Caribbean Cruising:
What To Do on Days at Sea

If you can't find enough to do, no resort is likely to satisfy you.

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Caribbean Cruise Days at Sea
Things To Do On Board

For many cruisers, the best parts are the days at sea. They don't care if they ever touch land.

That's a little extreme but understandable. On a cruise, you're pampered from start to finish, waited on at every meal (and in between) and you have a huge choice of activities.

Every cruise ship is a complete resort. It just happens to float.

Cruise lines have invested millions to provide every conceivable type of entertainment, and most of it's free.

Every evening you'll receive a newsletter outlining the next day's activities, where they're held and at what time. Bored children shouldn't be a problem (except those who make career of being bored ).

These are the activities you can look forward to between ports. Not every ship offers all of them. Do your homework to match the activities to your interests.

  • Art auctions
  • Bingo
  • Card room
  • Casino gaming
  • Champagne bar
  • Children's programs (half and/or full day)
  • Cooking demonstrations
  • Dance classes/contests
  • Exercise room
  • In-room movies (sometimes free)
  • Jogging track
  • Library
  • Miniature golf
  • Movie theater (free)
  • Pool & deck games
  • Preview description of the next port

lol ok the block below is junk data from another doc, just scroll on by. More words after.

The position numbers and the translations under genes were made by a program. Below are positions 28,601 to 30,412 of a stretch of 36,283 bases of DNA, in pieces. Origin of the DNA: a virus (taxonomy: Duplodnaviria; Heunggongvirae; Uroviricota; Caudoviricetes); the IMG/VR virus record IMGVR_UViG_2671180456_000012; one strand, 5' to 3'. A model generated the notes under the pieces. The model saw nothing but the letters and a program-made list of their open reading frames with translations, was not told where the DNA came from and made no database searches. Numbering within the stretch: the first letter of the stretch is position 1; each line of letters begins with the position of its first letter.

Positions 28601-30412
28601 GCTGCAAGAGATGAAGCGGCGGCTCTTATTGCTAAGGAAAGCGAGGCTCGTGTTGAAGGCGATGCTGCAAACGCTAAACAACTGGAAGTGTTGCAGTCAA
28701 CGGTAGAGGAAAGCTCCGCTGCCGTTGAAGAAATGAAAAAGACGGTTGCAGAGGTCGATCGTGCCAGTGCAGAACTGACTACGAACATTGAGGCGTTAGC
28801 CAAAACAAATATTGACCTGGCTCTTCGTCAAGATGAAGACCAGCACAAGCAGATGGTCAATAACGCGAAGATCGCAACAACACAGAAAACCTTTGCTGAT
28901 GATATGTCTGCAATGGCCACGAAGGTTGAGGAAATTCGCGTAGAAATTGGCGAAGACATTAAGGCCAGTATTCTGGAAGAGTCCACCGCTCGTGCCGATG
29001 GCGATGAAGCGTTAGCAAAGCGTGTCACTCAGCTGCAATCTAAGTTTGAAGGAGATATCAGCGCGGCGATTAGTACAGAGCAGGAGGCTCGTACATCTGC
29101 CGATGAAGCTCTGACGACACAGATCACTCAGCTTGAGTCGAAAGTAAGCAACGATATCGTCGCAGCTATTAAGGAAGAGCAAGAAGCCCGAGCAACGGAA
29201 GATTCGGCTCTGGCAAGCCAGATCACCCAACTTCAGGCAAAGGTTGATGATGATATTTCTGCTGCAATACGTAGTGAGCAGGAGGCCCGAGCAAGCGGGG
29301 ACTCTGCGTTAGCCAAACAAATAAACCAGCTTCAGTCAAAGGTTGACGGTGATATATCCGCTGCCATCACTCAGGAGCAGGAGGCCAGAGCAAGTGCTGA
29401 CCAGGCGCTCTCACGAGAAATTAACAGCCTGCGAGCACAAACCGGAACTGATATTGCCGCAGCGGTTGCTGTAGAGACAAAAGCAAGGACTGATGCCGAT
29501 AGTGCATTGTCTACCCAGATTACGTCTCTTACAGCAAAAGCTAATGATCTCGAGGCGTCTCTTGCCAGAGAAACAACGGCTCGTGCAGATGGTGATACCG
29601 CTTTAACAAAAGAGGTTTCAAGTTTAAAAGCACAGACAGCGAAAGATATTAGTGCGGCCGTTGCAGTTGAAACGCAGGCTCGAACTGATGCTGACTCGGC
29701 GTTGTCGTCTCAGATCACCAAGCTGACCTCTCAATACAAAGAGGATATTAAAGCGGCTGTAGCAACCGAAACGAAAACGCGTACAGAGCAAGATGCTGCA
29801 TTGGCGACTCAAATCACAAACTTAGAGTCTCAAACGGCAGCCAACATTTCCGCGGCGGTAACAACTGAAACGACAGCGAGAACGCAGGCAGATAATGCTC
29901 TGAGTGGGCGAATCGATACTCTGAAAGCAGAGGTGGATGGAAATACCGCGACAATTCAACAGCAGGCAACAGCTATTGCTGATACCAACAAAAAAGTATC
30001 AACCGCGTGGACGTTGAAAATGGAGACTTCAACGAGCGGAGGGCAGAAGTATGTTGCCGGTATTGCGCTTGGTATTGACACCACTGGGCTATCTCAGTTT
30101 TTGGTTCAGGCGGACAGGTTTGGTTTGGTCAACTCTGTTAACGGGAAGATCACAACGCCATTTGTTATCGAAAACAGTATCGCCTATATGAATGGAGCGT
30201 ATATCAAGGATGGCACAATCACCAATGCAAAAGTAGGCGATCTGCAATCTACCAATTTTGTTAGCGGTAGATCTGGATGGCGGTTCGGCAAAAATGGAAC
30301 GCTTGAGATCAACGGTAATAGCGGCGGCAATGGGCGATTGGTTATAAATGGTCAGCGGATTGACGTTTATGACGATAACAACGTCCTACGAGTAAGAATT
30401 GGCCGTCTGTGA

• Reading in a deck chair
  • Rock climbing wall
  • Room service
  • Shopping arcade
  • Sports bar
  • Spa (charge)
  • Special interest lectures (especially nature cruises)
  • Sunbathing
  • Tennis
  • Video arcade (free)
  • Volleyball
  • Wine Tasting (charge)

Unless your ship departs Puerto Rico or you're taking a quick Bahamas cruise, you can expect your first full day aboard to be a day at sea.

Take advantage of it, go exploring and learn all your ship has to offer. It may surprise you.

Check out the Photo Gallery featuring the Brilliance of the Seas and the Disney Wonder.

More Questions to Consider

How much does a cruise really cost? What's included and what isn't could surprise you.

Aren't staterooms smaller than hotel rooms? Usually. But who's ever in one except to sleep?

What about taking children? If you have some, definitely. Otherwise, borrow one or take your grandkids.

Is ship size important? Yes, but not in ways you'll necessarily expect.

What kind of clothing do I need? Cruises are dressier than most beach resorts.

Which dinner seating is better, early or late?
Depends mostly on when you depart your Caribbean ports & whether you have children.

Can I sign up for shore excursions in advance? Or should I go my own way?

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